Thank you for modern Singapore

I woke up on Monday and saw that a friend shared this image within our Whatsapp group:


I did not quite get it and it took me a while in my sleepy stupor to realise the significance of this picture.

While most of us were asleep, Lee Kuan Yew, founder of modern Singapore, passed on in the early hours of 23 March 2015.

Here’s a little background story:

My grandpa (or Kong Kong to me) owned a beautiful large piece of land at Jalan Teck Kee where a single-storey property housed 3 generations under one roof. Kong Kong and Lee Kuan Yew were also both, coincidentally, born in the same year – 1923.

I remember days of running amok in the garden, chasing after Conrad and Lassie, two guard dogs that my grandpa kept, or watching my grandma slaughter a live chicken before my eyes.

I also remember having to use a bucket-style toilet where the night soil collector would come by every night to collect our waste from a bucket. I was always cautious about not falling into it (oh the horrors). My late grandma used to scare me by saying that if I don’t study hard, I’d end up as one when I grow up.

I was a child of the late 1970s and my childhood was part-kampong, part-HDB flat. This is a memory I treasure very much. My younger sister, on the other hand, was born “into a HDB flat”, so to speak.

In the early 1980s, this piece of land was acquired by the government and even as a child, I remember clearly how distraught Kong Kong was when bulldozers razed his beautiful home to the ground. It is on this premise that I grew up hearing that LKY was “no good” because he took away people’s land and property.

Then I grew up.

I may not have lived through the turbulent times of the early days but I fully appreciate the fact that I can speak, read and write in English and Mandarin. Of course, growing up, learning Mandarin in school was painful. It didn’t help that I came from an all-girls school and speaking Mandarin then was deemed as “uncool”.

I also do not take for granted the peace and safety that we enjoy in Singapore. When we were in Paris, I was constantly looking over my shoulder because I have heard so much about pickpockets. In fact, after a visit to the Eiffel Tower, I had my packet of gummi bears snatched from my hands at the subway by two teenage delinquents. It happened so quickly but it left me a little shaken.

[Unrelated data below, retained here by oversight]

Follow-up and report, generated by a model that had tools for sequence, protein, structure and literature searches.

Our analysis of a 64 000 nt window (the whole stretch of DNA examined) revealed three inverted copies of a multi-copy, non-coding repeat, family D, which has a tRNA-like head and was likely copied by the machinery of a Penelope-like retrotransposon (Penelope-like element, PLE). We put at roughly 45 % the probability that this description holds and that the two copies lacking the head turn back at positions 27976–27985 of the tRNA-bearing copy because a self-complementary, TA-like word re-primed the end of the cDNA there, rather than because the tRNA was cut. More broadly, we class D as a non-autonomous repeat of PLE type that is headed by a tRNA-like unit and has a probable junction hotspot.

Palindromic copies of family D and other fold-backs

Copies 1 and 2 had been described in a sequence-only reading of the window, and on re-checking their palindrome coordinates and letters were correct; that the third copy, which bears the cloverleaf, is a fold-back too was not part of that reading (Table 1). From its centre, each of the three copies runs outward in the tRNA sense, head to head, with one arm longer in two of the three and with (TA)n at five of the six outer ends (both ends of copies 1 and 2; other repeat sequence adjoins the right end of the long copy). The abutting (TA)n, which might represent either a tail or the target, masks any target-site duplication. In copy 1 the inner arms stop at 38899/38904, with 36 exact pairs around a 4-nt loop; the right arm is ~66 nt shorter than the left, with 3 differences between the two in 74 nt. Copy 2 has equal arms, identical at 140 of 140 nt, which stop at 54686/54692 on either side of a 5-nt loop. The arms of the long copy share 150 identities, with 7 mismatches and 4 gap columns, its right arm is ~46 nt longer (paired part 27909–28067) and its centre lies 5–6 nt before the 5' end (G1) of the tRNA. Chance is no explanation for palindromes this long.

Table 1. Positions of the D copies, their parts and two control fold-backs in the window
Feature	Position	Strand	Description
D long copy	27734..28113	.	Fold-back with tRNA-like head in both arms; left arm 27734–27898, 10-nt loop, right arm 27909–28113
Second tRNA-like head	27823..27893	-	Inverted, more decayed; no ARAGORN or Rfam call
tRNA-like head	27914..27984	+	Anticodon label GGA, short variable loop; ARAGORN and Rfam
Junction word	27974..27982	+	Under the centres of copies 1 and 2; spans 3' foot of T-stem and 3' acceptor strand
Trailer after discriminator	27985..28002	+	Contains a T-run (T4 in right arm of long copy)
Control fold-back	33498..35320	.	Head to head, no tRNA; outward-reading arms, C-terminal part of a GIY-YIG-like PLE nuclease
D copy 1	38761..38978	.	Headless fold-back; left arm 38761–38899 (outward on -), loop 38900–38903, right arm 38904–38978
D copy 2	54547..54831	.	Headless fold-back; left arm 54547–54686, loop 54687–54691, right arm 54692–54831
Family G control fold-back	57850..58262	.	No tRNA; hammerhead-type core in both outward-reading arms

A similar incident happened in JB where my bag was almost snatched by two crooks on a motorcycle. It is true that I have renewed appreciation for our efficient little red dot whenever I return from my travels.

I also thank you for the foresight in making Singapore a garden city. I realise that having tree-lined roads are not the norm in many countries. Trees provide shade from our unrelenting tropical sun. I remember feeling uncomfortably hot when we were in Bali. The merciless sun beat down on my back and despite a giant hat, I was whining to the boy that it is “soooo hot!” So yes, thank you for the trees.

Of course, things are not perfect. Far from it. But in the general scheme of things, we have lots to be thankful for. I can go on and list a whole host of things that annoy me/can be improved but we sometimes forget that we are only 50 years old.

We are but a relatively young country.

To go from kampongs with low levels of sanitation and hygiene to what we have today is no fluke.

So I choose to count my blessings. My parents used to comment that “we are very lucky to be born in Singapore”. And how right they are. I can also see why LKY was called “no good” by my grandparents then because their land was taken away. Of course they’d be upset. Who wouldn’t be?

On hindsight, this seizure of land was necessary for town/country planning. Was it a nice thing to do? Of course not. Was it necessary then for progress as a nation? Probably.


Rest well and goodbye for now, Mr Lee Kuan Yew. We may not have always agreed with your party policies but the fact that you had foresight and brought Singapore to where it is today is something I appreciate and am thankful for. It makes me proud to call myself a Singaporean, and even prouder to hold that red passport that allows me access to most parts of the world.

Oh and if you see my Kong Kong, you can tell him that you won in the who-lived-longer game (you won by 3 years!). I also believe that he would have forgiven you for taking away his land then because his future generations (us) can enjoy the beautiful country that we now call home.

sm lee press conference[source]

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